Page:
Pluto can no longer be classified as a planet, but he is still fascinated. For example, how did the dwarf planet form and why is it so different from the planets? By investigating their chemical composition, researchers have developed a new idea: Pluto consists of comets.
According to the currently accepted model, planets are formed by the gradual growth of smaller objects – and Pluto, which is adjacent to the asteroid field of the Kuiper Belt, has long been considered to be similar. So this part is nothing new.
But there are similarities between Pluto and Comet 67P / Churyumov-Gerasimenko, of which scientists at the Southwest Research Institute (SwRI) assume they are not accidental. In particular, the nitrogen-rich ice in Pluto's Sputnik-Planitia
Thanks to the Pluto probe New Horizons and Rosetta, the 67P comet probe, we have a new and unprecedented wealth of data on Pluto and comets.
"We have developed the cosmochemical model of the Pluto Formation, which we refer to as" the giant comet, "said geochemist Christopher Glein of the Space Science and Engineering Division of SWRI.
"We have found an interesting correspondence between the estimated amount of nitrogen within the glacier and the amount that would be expected if Pluto were agglomerated by the agglomeration of about one billion comets or other objects of the Kuiper Belt of similar chemical composition as 67P Comet formed by Rosetta would be formed. "
Nitrogen on Pluto is related to methane on Titan or water on Earth ̵
The Earth's atmosphere is 78 percent nitrogen (our temperatures are not as cold as Pluto, so it remains gaseous), but Pluto's is about 98 percent. Between the nitrogen ice and the nitrogen atmosphere, the dwarf planet has an unusually high proportion.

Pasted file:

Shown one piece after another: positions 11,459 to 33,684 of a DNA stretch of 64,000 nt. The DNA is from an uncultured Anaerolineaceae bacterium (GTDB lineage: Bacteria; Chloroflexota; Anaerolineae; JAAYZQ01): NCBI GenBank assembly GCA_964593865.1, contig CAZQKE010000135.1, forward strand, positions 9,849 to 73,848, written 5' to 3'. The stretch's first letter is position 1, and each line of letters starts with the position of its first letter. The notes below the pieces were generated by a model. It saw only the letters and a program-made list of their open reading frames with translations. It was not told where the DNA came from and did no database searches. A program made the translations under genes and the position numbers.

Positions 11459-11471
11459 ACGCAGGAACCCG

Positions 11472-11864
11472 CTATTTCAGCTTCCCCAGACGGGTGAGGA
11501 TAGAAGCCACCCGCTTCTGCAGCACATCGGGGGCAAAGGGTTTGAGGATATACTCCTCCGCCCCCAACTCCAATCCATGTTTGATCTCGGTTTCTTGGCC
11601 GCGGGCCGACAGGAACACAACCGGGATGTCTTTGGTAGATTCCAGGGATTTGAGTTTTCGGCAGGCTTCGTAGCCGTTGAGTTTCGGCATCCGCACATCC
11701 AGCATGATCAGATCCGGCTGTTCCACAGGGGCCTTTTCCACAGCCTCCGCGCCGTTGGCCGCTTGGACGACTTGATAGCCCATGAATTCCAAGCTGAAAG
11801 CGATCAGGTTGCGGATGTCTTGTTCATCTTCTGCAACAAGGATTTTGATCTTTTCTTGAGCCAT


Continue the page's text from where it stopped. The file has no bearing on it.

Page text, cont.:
Previously, scientists thought that nitrogen might come from comets that landed on Pluto – but this model would not explain the sheer volume
In addition to the comet model, the researchers also investigated a model in which Pluto made use of very cold ice with similar chemical compositions as the sun was formed. By examining these models, they hoped to better understand Pluto's leaky atmosphere to find out how much nitrogen escapes into the nearby space.
They also had to balance the amount of carbon monoxide in Pluto's atmosphere, and none of the models could explain how little it was.
"Our research suggests that Pluto's chemical composition derived from cometary building blocks is chemically modified by liquid water, perhaps even in an underground ocean," said Glein.
It is also possible that under the comet model, the missing carbon monoxide is trapped beneath Pluto's surface. Because there are more explanations for the lack of carbon monoxide in the comet model, it seems more likely than the solar model, the researchers said.
This is of course hypothetical and leads, as the researchers say, to "an appreciation of many subsequent questions that need to be addressed in future analyzes", eg. For example, whether the amount of nitrogen on comet 67P is representative of other comets and what role liquid water played in the development of volatiles on Pluto.
"This research builds on the fantastic successes of the New Horizons and Rosetta missions to broaden our understanding of the origins and evolution of Pluto," said Glein.
"Using Chemistry as a Tool for Detectives, we Can Track Certain Features Today, looking at Pluto's formation processes from a long time ago, this leads to a new appreciation of the wealth of Pluto's" life story "that we are only now gaining begin recording. "
The paper was accepted for publication in the journal Icarus and can be found on arXiv.
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